Given that the action takes place alternately in England and Ireland, the choice of the sensitive, and insightful Irish novelist and poet, Maeve Binchy to write the excellent introduction was most apt.

The generous quantity of Elisa Trimby’s drawings are faithful to the text. In particular she manages effectively to convey the emotions of her subjects. I was impressed with the appropriate flattening of perspective enabling her to depict a good depth of field.

In order not to give away the dénouement I have held back the last of the illustrations.

Much of this morning was devoid of Internet connection, which rather delayed my drafting of this review; and my listening to the England v. Sri Lanka men’s World Cup Cricket match.

In order to calm my nerves took a stroll round the garden.

The first two images of these day lilies are of those purchased from https://www.polliesdaylilies.co.uk which, containing our national collection, is situated very near to us.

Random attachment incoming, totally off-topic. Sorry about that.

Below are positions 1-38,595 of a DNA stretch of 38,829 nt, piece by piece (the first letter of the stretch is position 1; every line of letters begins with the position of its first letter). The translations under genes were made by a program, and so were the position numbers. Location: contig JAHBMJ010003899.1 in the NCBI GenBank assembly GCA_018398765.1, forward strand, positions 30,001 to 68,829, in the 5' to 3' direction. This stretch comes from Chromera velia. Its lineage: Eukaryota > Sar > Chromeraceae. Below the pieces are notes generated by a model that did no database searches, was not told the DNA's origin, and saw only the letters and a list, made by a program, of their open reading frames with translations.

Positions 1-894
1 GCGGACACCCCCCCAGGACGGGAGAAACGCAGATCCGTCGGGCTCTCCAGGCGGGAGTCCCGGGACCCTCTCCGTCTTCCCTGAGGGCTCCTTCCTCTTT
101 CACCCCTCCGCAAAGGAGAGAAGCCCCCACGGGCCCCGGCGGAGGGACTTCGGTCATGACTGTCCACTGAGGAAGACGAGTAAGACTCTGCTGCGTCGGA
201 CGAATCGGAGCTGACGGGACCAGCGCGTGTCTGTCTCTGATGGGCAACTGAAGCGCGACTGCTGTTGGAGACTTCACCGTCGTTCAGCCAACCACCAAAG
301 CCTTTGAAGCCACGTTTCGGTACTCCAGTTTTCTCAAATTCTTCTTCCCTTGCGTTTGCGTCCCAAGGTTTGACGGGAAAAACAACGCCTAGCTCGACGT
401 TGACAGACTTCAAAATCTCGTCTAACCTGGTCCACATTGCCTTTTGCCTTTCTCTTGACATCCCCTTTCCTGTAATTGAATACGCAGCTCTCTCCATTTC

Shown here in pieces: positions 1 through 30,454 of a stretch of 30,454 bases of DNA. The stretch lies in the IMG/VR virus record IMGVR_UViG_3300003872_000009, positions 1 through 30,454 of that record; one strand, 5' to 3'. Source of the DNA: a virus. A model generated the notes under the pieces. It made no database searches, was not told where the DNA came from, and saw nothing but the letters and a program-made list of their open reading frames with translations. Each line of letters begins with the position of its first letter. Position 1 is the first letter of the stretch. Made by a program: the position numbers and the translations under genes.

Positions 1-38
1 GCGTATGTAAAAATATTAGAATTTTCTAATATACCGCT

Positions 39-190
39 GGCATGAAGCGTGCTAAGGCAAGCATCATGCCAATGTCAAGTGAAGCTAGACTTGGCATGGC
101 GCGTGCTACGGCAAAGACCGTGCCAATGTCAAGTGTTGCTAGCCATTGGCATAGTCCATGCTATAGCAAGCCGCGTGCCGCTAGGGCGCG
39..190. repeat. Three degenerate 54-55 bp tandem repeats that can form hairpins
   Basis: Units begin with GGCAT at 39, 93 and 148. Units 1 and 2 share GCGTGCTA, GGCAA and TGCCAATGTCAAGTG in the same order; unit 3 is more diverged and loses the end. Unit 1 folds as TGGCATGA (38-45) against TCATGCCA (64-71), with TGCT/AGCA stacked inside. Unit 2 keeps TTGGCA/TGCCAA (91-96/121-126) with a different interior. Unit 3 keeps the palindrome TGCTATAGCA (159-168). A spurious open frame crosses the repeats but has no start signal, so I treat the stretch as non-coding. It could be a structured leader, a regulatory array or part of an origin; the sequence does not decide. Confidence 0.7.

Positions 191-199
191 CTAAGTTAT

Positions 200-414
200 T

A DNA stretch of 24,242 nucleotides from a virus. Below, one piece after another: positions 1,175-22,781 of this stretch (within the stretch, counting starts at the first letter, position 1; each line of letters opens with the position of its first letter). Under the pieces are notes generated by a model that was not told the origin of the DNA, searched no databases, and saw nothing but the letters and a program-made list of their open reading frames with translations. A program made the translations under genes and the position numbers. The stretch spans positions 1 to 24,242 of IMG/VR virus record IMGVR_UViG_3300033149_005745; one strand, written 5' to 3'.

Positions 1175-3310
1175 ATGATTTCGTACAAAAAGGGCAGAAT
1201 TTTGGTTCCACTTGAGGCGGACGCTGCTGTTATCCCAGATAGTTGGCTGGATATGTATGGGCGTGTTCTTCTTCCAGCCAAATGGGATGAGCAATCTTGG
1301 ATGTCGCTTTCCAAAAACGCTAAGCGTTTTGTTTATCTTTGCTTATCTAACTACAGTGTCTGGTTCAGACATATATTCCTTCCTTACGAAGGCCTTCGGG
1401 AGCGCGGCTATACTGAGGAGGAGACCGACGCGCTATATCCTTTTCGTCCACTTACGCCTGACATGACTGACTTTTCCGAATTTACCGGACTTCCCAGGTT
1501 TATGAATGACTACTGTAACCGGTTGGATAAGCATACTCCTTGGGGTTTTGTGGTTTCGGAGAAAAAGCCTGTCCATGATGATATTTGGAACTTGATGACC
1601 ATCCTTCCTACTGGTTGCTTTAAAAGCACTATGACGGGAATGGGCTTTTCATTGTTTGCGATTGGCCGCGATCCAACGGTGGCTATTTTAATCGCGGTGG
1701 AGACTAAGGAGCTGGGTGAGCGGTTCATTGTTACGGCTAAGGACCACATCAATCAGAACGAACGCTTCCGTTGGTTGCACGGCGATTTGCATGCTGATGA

These penstemons adorn Margery’s Bed.

This evening we dined on Jackie’s superb sausages in red wine; crisp new potatoes, carrots, and broccoli, with which she drank Hoegaarden and I finished the Pinot Noir.

First Donkey Foals

Jackie has not neglected the front garden in her clearing and planting of the last few days. This morning I gathered and bagged up her cuttings from the gravel path.

Erigerons, day lilies, Hot Chocolate rose and fuchsia feature here.

Clematises, nasturtiums, petunias, lobelias, and solanum currently bloom in front of the garage door.

This afternoon we left the sunshine behind at home as steady rain tracked us to the North of the forest.

Coats glistening, a trio of ponies took shelter among trees at Ibsley;

further on, at Frogham, more shaggy yet bedraggled donkeys, including our first foals of the season found their own shelter.

This evening we dined on minted lamb burgers; potatoes pulverised into a creamy mash; crunchy carrots and broccoli; and tender green beans with which Jackie drank Hoegaarden and I drank more of the Pinot Noir.

Multiple Occupation

Although a little drier than expected, today remained largely overcast. Just before lunch Jackie took me on a tour of what she has achieved during the last few days in the garden. It struck me that I have never really shown the packed multiple occupation of our beds.